In addition, any county auditor, upon request from a federally recognized Indian tribe with a reservation in that county:

must establish at least one ballot drop box on the Indian reservation on a site selected by the tribe that is accessible to the county auditor by a public road.

Convenient and secure ballot collection boxes are provided statewide by counties. The SOS maintains a map showing ballot drop boxes and voting centers in each county.

Recent news stories have reported on observers stationed at ballot collection boxes during the primary election watching persons depositing completed ballots. Observers are required to stay at least 25 feet away from ballot deposit sites and may not impede or interfere with the voting process. WAC 434-250-100(6) specifically states:

Within twenty-five feet of a ballot deposit site that is not located within a voting center, no person may electioneer, circulate campaign material, solicit petition signatures, or interfere with or impede the voting process. Whenever it is necessary to maintain order around a ballot deposit site, the county auditor may contact a law enforcement agency for assistance.

Since 2021, RCW 29A.84.610 makes fraudulent portrayal of a ballot collection box —  i.e., those officially established by a county auditor — a gross misdemeanor crime. It is unlawful to knowingly misrepresent an unofficial ballot collection site or device as an official ballot drop box.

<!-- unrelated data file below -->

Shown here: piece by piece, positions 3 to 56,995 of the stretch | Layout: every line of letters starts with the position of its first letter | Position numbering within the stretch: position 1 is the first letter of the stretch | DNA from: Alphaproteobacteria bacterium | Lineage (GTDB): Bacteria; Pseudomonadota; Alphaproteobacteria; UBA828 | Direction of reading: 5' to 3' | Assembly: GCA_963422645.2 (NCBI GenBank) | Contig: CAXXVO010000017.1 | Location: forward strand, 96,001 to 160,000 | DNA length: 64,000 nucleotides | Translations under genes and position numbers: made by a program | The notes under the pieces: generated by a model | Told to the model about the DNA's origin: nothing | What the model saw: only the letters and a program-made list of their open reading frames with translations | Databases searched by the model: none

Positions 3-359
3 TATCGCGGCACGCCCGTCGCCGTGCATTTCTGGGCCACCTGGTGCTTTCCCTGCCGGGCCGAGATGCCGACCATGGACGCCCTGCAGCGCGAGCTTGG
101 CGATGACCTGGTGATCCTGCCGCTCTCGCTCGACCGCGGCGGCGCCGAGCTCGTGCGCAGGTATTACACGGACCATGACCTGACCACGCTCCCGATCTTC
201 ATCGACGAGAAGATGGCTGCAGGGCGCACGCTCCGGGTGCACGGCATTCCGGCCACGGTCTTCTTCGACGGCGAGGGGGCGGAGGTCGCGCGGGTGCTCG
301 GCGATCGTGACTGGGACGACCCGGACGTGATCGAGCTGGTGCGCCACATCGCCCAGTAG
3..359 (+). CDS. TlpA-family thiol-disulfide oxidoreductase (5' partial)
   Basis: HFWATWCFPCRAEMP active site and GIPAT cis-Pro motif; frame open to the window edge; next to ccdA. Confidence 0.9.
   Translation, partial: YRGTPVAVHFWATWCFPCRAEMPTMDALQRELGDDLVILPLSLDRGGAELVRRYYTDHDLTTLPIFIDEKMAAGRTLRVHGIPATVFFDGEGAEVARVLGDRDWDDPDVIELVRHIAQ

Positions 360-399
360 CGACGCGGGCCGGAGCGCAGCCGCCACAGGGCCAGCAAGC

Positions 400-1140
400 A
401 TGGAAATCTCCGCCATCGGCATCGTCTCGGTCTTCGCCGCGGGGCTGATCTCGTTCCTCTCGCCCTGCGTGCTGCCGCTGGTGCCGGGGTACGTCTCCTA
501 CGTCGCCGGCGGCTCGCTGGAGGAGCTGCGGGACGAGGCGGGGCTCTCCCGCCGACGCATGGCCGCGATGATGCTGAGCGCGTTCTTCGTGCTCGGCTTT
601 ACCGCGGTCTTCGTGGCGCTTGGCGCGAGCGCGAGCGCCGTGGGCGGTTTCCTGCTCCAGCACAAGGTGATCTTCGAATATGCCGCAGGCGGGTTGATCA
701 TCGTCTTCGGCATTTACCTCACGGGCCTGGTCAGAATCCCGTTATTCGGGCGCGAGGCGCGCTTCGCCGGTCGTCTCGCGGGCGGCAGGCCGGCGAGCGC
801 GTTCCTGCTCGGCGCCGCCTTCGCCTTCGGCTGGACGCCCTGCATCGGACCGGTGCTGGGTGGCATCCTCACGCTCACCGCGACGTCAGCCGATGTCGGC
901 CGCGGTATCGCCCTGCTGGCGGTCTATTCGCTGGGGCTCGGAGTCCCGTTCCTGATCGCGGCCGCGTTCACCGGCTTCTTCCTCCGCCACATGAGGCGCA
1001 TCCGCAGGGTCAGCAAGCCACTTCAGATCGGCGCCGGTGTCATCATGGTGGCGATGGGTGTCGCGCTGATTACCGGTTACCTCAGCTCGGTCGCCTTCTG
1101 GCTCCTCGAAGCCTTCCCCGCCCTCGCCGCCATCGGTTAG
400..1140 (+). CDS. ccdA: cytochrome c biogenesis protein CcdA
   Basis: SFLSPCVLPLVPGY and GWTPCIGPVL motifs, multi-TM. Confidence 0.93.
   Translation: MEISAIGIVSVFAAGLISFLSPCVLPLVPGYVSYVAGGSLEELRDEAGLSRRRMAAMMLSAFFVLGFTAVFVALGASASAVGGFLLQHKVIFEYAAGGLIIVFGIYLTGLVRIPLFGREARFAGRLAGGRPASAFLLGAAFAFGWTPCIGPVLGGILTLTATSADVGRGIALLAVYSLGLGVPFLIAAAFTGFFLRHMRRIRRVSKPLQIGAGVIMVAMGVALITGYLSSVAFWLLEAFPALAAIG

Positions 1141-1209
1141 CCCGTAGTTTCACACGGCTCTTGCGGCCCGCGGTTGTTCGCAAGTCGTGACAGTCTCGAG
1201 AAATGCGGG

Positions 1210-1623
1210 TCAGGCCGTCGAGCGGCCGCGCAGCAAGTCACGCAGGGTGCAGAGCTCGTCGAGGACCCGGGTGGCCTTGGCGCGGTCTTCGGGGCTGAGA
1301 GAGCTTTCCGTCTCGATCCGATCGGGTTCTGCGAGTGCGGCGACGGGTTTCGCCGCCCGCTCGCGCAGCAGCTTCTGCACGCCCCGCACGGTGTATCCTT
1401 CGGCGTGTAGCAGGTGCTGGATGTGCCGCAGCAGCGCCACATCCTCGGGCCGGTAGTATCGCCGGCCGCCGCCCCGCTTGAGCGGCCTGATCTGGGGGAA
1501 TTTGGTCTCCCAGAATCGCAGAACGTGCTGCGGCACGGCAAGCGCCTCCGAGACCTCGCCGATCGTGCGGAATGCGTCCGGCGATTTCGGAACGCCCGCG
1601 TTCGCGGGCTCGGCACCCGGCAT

One Vote Per Registered Voter

Each voter has a single active record in the statewide voter registration database (VoteWA). When a ballot is received by the county's election division, the signature is compared to the voter’s registration and the voter’s record is marked as that person having returned a ballot. If the voter attempts to return an additional ballot, the system warns the election official that a ballot has already been returned. Election workers report that information to the canvassing board, that in turn reports it to the county prosecuting attorney if further investigation is warranted.


In recent years, there have been more questions both locally and nationally about our elections systems. Concerns have been raised about eligibility of registered voters, all mail-in balloting, security of ballot submissions, and how ballots are processed, counted, and sometimes recounted. Regardless of individual political beliefs, I believe we all have a shared interest in promoting election integrity and following best practices to ensure that future elections are free, fair, and transparent.

Part two of this blog series will look at additional measures that ensure our elections are conducted fairly and all the votes are counted accurately.

MRSC is a private nonprofit organization serving local governments in Washington State. Eligible government agencies in Washington State may use our free, one-on-one Ask MRSC service to get answers to legal, policy, or financial questions.

Photo of Linda Gallagher

About Linda Gallagher

Linda Gallagher joined MRSC in 2017. She previously served as a Senior Deputy Prosecuting Attorney for King County and as an Assistant Attorney General.

Linda’s municipal law experience includes risk management, torts, civil rights, transit, employment, workers compensation, eminent domain, vehicle licensing, law enforcement, corrections, and public health.

She graduated from the University of Washington School of Law.